As open insurance speeds up, the incumbents risk missing the boat

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Large insurance companies are lagging behind in adopting open insurance, although the number of challengers in the landscape continues to grow. This is the result of a new study by the management consultancy Innopay.

In the footsteps of Open Banking, Open Insurance is quickly becoming a trend in the insurance scene that cannot be overlooked. Although there is no generally accepted definition of open insurance, the European Union defines the phenomenon as “the exchange of insurance-related personal and non-personal data”, which is usually done through APIs.

Similar to the banking industry, some of this data exchange may result from regulation requiring explicit consumer consent (similar to the approach in PSD2), but several initiatives to exchange information between different players in the insurance market are also possible without this express consent.

According to Maarten Bakker, partner at Innopay, the advantages of open insurance are many. “It is an important building block for insurers to better serve customers, maintain future relevance and develop new business models.”

A growing number of young, agile and digital-first players in the insurance industry are taking advantage of these opportunities. The number of these companies, known as insurtechs, are “quickly picking up speed” according to the latest Innopay Open Insurance Monitor that have entered the open insurance landscape.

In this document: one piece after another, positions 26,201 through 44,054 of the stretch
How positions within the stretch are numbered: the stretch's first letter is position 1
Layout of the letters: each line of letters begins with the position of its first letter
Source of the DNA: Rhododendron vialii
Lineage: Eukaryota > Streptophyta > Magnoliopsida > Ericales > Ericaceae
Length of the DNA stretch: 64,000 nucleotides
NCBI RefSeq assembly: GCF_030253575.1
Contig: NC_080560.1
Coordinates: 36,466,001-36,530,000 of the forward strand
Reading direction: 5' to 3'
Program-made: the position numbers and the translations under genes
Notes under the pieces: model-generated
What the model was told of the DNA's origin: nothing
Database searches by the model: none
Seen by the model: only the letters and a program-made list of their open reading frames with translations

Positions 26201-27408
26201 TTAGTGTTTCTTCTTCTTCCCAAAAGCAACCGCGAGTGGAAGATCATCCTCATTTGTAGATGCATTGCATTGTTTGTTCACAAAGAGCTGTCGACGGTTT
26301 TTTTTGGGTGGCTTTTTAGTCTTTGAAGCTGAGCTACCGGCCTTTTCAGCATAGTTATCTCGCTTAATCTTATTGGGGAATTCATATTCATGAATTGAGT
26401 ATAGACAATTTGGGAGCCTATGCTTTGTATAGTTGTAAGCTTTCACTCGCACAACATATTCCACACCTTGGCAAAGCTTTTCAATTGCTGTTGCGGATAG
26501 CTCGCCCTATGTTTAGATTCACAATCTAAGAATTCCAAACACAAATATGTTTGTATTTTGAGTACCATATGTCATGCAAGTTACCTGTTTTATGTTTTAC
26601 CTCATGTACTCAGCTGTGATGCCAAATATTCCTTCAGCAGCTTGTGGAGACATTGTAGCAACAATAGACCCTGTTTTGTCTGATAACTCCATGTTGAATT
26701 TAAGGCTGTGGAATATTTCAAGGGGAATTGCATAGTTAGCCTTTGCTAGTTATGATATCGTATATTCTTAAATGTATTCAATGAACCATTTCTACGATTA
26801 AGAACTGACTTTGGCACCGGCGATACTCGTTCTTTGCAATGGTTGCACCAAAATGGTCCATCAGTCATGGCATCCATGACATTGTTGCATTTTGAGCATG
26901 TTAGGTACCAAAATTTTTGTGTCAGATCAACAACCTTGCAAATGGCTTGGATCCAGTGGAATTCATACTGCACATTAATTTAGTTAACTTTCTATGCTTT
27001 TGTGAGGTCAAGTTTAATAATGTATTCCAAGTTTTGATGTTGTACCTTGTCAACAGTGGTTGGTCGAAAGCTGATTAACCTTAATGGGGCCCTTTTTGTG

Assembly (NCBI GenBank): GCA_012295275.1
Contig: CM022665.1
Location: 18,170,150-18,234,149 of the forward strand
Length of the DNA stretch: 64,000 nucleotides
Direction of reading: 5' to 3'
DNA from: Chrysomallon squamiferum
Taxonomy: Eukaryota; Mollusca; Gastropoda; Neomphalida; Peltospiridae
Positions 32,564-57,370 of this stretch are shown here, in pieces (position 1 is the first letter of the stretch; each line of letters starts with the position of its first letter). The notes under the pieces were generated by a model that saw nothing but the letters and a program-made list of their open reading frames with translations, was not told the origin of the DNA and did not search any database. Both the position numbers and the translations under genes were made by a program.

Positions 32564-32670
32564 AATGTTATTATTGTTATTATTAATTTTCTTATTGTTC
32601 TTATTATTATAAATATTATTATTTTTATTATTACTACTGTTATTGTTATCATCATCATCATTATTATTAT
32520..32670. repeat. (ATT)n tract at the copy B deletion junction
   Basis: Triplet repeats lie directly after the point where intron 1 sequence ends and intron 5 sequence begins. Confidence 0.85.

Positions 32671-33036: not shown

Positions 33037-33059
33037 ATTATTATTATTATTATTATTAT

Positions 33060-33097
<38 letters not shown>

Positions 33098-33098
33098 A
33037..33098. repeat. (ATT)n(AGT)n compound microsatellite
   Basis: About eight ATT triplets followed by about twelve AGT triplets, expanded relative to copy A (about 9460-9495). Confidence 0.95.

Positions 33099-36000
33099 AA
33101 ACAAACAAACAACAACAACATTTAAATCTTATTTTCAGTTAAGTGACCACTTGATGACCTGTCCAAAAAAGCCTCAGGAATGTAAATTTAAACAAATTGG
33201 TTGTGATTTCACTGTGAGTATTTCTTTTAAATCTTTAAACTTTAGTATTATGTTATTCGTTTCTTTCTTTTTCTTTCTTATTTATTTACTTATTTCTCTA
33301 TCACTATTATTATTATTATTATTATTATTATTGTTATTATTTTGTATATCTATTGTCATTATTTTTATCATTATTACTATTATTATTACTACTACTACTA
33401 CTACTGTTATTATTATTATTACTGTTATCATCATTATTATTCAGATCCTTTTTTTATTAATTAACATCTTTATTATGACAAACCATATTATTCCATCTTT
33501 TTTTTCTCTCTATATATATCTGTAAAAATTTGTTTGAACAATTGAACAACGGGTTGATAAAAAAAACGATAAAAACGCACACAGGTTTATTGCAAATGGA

The monitor tracks the landscape and technological maturity and finds that the number of actors offering access to insurance data, products and services is increasing and accelerating. “In the past few months, several new players, both insurtechs and open insurance marketplaces, have expanded with insurance API offerings,” said Mounaim Cortet, Senior Manager at Innopay.

Meanwhile, the traditional players in the industry – established insurers and banks – seem to be lagging behind. Bakker: “They don’t seem in a hurry to bolster their current weaker position in order to capitalize on the value of open insurance.”

Falling back is associated with risks, because “open insurance policies are the key for insurers to ensure their business continuity and strengthen future relevance,” noted Cortet. As a result, “now is the time for insurers to rethink their strategy for opening up their business and developing the skills necessary to capitalize on the digital ecosystem.”


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